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Teacher Shortage Crisis Provides Career Opportunities

A U.S. teacher shortage is providing opportunities for college students to more easily find a career in education post-graduation, and Biola University’s School of Education is preparing current students to enter these open positions as soon as possible. In the most recent academic year, more than 50 percent of Biola’s fall 2016 secondary student teachers were hired before they completed student teaching — a fact that highlights the need many school districts are facing.

A report released last fall by The Learning Policy Institute on teacher supply, demand, and shortages in the U.S. indicates that the supply of new teachers is at a 10-year low, and the estimated nationwide shortage of about 60,000 teachers in 2015–16 could grow to 112,000 by 2018.

“By 2020, an estimated 300,000 new hires will be needed and by 2025, that number will increase to 316,000. If current supply trends continue, the shortage would reach 112,000 teachers annually by 2018 and remain close to that level thereafter,” according to the report.

Due to a decline in students enrolling in teacher preparation programs between 2009 and 2014, district efforts to reduce classroom size, increasing student enrollment and high teacher attrition, California is one of many states facing a teacher shortage. The lack of teachers ready to enter the field has created a high demand for teachers across the nation and a need for students to enter into teacher preparation programs immediately.

June Hetzel, dean of Biola’s School of Education, shares her perspective in this Q&A on the shortage and how Biola’s School of Education is preparing teachers for areas that are experiencing the greatest need such as special education and secondary education teachers in the subjects of science and math.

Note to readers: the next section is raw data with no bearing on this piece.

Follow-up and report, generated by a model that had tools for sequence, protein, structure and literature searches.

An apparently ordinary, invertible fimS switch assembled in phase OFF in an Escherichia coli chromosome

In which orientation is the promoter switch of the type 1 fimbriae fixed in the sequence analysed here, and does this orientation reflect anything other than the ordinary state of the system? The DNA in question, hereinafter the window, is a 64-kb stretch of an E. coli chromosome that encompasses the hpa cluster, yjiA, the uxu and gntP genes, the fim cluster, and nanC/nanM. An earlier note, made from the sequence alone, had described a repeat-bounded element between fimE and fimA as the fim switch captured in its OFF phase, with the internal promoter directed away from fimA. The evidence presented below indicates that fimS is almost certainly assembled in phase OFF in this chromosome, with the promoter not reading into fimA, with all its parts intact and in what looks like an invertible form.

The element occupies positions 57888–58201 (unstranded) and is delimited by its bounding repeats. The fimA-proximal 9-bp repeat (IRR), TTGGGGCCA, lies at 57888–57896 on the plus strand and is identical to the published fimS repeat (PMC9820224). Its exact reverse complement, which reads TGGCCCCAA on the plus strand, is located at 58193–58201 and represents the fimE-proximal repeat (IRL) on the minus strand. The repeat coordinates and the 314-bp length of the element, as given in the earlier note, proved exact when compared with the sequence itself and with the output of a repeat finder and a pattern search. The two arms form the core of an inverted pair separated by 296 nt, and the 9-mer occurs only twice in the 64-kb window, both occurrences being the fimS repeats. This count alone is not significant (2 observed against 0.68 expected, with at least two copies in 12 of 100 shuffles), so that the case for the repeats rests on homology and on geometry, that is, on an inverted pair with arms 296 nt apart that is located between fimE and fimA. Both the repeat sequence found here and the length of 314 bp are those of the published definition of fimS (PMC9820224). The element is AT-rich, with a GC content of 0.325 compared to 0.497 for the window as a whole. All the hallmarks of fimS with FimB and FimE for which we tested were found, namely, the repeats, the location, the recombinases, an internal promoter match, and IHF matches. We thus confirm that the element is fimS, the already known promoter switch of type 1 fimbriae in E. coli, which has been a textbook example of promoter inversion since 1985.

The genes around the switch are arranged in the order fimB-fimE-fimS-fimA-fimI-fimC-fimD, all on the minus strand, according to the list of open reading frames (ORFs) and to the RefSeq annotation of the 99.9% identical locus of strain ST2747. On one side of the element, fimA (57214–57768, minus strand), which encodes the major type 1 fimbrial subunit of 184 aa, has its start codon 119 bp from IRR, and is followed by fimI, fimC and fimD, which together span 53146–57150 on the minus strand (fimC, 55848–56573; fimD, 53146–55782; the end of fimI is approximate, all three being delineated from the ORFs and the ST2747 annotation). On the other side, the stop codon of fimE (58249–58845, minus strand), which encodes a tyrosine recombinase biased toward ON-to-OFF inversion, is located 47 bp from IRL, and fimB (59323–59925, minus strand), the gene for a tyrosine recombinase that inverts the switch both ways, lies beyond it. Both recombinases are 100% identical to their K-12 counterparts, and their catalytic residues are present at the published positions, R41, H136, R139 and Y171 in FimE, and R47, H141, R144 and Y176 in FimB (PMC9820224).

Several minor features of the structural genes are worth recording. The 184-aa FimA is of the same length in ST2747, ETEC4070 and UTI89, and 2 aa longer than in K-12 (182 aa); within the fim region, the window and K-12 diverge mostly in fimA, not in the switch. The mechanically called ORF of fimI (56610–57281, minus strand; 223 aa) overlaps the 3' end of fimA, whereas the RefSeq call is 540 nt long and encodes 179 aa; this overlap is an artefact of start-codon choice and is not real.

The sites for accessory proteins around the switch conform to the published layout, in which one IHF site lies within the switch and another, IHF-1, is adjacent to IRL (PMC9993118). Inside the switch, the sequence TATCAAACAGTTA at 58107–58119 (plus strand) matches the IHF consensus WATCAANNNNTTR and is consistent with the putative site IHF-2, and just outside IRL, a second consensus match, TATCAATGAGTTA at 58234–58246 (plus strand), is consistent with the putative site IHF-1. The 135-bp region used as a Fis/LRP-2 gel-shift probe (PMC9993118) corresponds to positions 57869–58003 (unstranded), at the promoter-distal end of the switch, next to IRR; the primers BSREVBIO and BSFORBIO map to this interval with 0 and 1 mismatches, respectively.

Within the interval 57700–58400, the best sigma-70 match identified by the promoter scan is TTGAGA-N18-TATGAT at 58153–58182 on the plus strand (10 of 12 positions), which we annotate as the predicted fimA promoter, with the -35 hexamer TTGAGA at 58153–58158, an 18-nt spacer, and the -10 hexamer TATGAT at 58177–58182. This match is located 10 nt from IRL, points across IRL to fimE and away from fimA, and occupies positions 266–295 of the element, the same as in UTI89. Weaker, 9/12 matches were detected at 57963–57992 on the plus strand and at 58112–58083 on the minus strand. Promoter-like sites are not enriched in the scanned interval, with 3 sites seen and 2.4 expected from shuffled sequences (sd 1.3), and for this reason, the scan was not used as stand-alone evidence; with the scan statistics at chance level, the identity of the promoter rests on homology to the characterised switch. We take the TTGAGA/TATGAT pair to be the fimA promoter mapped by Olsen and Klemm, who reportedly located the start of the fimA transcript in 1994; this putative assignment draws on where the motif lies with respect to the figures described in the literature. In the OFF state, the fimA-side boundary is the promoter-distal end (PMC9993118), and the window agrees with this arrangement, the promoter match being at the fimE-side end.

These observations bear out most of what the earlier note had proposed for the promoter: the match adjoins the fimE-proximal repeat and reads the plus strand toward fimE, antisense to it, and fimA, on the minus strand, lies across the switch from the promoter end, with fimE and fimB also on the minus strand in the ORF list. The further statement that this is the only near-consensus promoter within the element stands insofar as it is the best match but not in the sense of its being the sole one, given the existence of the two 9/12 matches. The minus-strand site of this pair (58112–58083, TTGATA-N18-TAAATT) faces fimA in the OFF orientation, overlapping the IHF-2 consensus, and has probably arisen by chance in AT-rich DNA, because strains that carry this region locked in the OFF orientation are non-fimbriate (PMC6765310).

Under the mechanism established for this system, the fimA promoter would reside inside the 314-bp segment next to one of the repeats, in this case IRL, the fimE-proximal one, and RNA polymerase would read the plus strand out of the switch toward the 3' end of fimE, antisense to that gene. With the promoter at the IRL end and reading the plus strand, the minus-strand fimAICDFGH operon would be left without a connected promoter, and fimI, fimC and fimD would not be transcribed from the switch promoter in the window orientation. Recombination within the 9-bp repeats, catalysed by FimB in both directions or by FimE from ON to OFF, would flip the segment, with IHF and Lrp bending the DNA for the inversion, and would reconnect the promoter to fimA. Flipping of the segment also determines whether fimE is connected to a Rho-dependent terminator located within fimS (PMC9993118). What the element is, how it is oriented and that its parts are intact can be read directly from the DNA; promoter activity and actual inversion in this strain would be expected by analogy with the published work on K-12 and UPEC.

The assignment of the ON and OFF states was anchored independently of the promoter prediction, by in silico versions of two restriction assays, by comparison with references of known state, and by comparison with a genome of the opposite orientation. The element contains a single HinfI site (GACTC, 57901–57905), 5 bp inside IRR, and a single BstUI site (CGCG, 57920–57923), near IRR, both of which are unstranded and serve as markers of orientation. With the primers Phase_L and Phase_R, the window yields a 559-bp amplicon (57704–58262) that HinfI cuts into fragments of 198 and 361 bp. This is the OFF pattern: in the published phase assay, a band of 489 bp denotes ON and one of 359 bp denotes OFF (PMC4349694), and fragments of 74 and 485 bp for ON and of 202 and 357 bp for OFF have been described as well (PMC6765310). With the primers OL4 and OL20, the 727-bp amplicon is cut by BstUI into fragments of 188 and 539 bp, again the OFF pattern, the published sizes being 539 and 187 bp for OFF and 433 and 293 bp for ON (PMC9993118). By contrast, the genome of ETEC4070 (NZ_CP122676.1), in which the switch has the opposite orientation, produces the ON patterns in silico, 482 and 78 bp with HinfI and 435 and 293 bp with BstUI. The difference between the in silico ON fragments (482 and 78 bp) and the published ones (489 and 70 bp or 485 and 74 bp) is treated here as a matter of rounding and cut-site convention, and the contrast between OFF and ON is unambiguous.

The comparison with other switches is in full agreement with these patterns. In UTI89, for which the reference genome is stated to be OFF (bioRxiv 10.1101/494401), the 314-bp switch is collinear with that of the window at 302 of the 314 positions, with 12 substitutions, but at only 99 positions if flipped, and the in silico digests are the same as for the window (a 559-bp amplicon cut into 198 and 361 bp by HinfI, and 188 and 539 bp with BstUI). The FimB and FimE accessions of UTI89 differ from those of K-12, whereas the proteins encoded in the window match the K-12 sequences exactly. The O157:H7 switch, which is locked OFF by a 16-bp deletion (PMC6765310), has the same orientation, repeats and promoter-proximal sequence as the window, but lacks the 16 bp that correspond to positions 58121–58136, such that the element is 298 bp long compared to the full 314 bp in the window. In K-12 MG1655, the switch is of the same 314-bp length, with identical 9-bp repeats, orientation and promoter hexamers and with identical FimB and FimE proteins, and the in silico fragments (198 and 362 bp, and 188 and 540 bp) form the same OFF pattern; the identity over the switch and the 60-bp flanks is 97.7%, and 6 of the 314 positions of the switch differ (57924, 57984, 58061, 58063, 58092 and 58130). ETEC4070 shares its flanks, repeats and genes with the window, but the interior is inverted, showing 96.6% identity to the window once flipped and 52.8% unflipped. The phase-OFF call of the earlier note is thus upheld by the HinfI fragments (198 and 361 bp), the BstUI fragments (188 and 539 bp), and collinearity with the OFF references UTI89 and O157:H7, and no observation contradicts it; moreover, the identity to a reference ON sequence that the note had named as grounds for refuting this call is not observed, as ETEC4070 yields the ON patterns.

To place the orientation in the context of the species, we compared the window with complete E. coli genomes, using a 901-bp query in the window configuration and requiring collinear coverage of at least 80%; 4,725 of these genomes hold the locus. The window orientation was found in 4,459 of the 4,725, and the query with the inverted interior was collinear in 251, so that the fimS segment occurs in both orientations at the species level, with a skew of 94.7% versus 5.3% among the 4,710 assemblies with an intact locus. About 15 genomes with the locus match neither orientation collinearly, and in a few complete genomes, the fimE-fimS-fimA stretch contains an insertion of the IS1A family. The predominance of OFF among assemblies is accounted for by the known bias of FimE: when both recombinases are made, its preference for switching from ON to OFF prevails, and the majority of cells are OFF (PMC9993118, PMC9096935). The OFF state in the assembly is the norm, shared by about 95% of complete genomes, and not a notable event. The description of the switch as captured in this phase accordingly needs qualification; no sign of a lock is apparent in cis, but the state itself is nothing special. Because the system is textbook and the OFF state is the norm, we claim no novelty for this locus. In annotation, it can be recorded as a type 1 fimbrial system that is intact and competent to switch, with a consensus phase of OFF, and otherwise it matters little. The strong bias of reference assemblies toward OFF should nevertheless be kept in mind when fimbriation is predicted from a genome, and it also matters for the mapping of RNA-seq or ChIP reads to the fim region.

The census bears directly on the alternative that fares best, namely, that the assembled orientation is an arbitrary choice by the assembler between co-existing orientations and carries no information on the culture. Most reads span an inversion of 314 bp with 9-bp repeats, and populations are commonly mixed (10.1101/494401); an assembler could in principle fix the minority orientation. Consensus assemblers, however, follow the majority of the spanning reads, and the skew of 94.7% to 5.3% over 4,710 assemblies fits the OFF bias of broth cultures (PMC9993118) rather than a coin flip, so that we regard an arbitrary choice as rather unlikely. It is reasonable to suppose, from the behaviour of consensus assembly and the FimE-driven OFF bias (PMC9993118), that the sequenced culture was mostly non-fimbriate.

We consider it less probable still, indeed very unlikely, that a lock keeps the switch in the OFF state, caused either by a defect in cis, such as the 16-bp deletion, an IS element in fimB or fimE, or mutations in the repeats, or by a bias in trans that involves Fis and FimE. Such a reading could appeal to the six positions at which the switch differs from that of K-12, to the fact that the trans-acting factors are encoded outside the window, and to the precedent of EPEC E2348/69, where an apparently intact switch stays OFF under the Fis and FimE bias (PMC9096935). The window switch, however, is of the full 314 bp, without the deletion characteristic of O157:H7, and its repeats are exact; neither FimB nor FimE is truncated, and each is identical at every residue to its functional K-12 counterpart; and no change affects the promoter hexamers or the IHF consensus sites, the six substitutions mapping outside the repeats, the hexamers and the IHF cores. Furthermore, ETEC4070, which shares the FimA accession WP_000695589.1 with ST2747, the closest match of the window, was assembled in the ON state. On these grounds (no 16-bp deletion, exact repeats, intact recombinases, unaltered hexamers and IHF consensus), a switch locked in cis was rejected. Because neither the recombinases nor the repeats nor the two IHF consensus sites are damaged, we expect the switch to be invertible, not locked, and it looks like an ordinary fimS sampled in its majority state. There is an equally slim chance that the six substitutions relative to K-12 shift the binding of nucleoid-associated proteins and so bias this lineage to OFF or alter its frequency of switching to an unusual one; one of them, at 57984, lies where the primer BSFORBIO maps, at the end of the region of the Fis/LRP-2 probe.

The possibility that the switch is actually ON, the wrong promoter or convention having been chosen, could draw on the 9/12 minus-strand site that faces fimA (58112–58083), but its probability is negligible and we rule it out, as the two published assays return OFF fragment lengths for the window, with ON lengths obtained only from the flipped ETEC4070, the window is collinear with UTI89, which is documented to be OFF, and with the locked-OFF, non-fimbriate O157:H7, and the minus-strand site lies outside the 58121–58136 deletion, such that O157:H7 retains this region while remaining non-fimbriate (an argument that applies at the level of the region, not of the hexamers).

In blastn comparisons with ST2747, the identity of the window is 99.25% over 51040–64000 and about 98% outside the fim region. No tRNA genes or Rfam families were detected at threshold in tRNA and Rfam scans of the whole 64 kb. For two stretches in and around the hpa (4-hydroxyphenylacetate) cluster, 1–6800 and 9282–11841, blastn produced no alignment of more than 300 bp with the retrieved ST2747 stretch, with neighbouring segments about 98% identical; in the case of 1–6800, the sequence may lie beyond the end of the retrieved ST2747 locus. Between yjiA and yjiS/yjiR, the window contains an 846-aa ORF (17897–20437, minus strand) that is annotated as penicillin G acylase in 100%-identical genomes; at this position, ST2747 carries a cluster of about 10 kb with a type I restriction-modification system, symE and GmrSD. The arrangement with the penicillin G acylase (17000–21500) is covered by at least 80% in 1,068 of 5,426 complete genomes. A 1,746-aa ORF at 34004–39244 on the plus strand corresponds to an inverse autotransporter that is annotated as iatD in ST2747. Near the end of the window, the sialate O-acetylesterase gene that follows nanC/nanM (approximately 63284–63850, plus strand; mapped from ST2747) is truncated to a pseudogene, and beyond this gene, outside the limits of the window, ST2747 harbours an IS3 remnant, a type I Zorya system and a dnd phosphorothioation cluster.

A new report based on data from the Department of Education has found that there is a teacher shortage crisis. Was this expected?

In California, we could certainly have predicted the current teacher shortage. Back in 2008, when the economy crashed and California started increasing class sizes, we experienced teacher layoffs. As teachers got laid off, the community response was to redirect career goals away from education towards other career paths where jobs were waiting. The severe reduction in the number of teachers being credentialed across the state led to the current teacher shortage. Interestingly, while many other universities in California experienced declining enrollment, Biola's School of Education teacher education programs experienced growth.

What does this mean for current undergraduate students or prospective students considering a degree in liberal arts education?

Sign up for a credential program with your electives! Or, better yet, sign up for the liberal studies major if you want to teach in elementary education or sign up for the special education program if you want to teach students with special needs. Or, if you like early childhood education, consider our Child Development Permits. We have these programs at the undergraduate and graduate levels. Your jobs will be waiting for you and you can join the esteemed ranks of thousands of Biola teachers who are already in the field locally and globally, serving in rewarding educational ministry in PreK-12 education.